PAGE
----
Fantasy Rhetoric Essay

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Fantasy Rhetoric:
Summary and Analysis of Katherine Fowkes’s Fantasy Films

A Rhetoric Analysis consists of a multitude of attributes some larger than others and some not specifically require. Among those are certain attributes that are what provides the foundation of any Rhetoric work, Logos, Pathos, and Ethos or persuasive appeal. My job is to show you the other attributes consisting of the context of the argument, the authors’ attitude, and the tone of the overall work. So first I will have to fill you in to Katherine Fowkes’s work.
Katherine A. Fowkes in Schirmer Encyclopedia of Film, Vol. 2 she explains the notion of fantasy in traditional application of film through her chapter Fantasy Films. She defines its context in this
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By the 1950’s science fiction began to take off as the current event of the day lend to new stories of space travel, atomic energy mishaps and the monsters that ensued. With sound also came the advent of musicals many of which were delightful fantasies by the likes of Disney and bring the fairy tales and children’s books to life on the screen. Now art also had a place to be expressed through the outlet of fantasy films, by the likes of Dalí and Bruňuel disorienting pieces. During the 1970’s and beyond the science fiction reclaimed a spot in fantasy with the likes of E.T. and Star Wars and blend though was involve of the fantasy and science fiction as there was no explanation of Yoda’s magical qualities or E.T.’s healing powers. When CGI came it was able to bring the audience to a new level of fantasy pushing the bound of what the imagination could provide with the likes of The Matrix, The Abyss or films made completely of CGI like Toy Story.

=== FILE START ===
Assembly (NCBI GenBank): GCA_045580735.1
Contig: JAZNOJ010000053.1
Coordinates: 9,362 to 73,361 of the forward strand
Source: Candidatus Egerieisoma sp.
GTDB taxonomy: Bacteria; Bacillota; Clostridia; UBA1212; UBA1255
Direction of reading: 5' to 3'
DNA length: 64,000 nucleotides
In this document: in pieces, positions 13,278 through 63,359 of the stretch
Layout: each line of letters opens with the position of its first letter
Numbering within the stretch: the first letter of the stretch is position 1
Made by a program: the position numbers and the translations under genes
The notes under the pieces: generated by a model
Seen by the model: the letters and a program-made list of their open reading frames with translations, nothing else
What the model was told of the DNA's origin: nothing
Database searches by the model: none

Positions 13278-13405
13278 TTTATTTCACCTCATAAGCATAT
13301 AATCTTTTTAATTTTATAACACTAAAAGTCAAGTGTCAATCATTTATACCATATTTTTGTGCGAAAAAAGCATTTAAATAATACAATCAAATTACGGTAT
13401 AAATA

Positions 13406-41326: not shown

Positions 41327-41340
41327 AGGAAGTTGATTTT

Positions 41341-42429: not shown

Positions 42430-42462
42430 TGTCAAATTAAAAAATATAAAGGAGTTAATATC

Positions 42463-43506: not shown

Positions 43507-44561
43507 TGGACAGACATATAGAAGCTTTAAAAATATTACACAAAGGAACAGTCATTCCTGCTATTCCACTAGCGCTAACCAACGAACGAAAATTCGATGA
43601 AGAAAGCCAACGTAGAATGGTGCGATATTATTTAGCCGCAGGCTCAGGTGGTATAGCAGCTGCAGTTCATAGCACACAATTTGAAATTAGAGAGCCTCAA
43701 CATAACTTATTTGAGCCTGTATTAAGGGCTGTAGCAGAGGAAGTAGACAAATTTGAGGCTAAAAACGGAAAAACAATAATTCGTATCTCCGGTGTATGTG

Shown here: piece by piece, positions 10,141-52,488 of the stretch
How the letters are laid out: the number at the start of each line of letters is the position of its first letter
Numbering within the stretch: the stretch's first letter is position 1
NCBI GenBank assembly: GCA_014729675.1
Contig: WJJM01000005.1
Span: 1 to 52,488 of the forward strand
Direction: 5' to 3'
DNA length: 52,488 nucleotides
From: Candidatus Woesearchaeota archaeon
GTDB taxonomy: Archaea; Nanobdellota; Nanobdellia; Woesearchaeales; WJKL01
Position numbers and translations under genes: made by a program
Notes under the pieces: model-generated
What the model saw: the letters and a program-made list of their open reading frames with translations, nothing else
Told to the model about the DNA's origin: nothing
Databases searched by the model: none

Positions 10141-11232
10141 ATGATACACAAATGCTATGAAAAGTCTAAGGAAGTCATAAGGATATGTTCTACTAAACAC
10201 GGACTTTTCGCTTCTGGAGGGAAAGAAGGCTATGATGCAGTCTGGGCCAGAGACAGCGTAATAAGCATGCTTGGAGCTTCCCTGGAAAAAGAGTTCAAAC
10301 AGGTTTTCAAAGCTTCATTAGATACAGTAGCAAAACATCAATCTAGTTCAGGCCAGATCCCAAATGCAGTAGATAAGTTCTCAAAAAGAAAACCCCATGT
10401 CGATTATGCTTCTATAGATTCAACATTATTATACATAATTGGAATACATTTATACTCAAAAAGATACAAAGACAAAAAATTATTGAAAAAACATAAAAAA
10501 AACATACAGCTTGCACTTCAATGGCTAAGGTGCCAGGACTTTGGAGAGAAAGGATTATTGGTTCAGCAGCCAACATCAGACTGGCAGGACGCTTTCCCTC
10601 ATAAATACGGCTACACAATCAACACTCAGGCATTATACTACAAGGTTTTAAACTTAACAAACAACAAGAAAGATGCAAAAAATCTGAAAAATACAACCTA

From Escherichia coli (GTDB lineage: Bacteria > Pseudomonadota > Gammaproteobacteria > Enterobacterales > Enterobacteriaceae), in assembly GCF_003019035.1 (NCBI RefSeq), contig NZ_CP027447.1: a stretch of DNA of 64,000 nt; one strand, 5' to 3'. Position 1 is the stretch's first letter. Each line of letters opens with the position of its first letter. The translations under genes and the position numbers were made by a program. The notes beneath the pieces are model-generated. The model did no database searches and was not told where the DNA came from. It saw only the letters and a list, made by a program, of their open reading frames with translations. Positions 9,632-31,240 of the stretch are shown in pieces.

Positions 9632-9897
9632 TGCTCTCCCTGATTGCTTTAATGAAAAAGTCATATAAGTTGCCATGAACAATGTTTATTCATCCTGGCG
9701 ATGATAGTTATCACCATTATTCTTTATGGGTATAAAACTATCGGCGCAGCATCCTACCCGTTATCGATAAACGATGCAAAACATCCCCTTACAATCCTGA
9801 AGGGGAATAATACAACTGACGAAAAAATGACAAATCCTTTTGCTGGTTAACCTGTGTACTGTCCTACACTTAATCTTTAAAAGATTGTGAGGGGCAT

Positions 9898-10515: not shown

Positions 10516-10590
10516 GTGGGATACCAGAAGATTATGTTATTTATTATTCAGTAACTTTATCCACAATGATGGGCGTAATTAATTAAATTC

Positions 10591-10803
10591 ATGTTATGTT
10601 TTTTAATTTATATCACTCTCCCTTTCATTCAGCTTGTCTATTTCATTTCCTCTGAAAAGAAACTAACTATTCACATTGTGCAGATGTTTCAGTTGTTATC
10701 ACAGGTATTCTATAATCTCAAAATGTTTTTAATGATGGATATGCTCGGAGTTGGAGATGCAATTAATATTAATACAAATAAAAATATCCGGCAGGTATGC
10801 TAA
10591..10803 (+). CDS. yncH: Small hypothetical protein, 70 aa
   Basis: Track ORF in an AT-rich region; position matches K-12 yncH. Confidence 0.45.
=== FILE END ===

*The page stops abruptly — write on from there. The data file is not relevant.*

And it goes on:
Fowkes thinks that though fantasy theory ideology is most commonly associated with literature, it also can be applied to cinema. The modes of fantasy would be referenced as “uncanny”, “fantastic”, and “marvelous.” Uncanny is in reference to the idea of the “experience of feelings of awe and hesitation provoked by strange, improbable events (Fowkes 192).” If this
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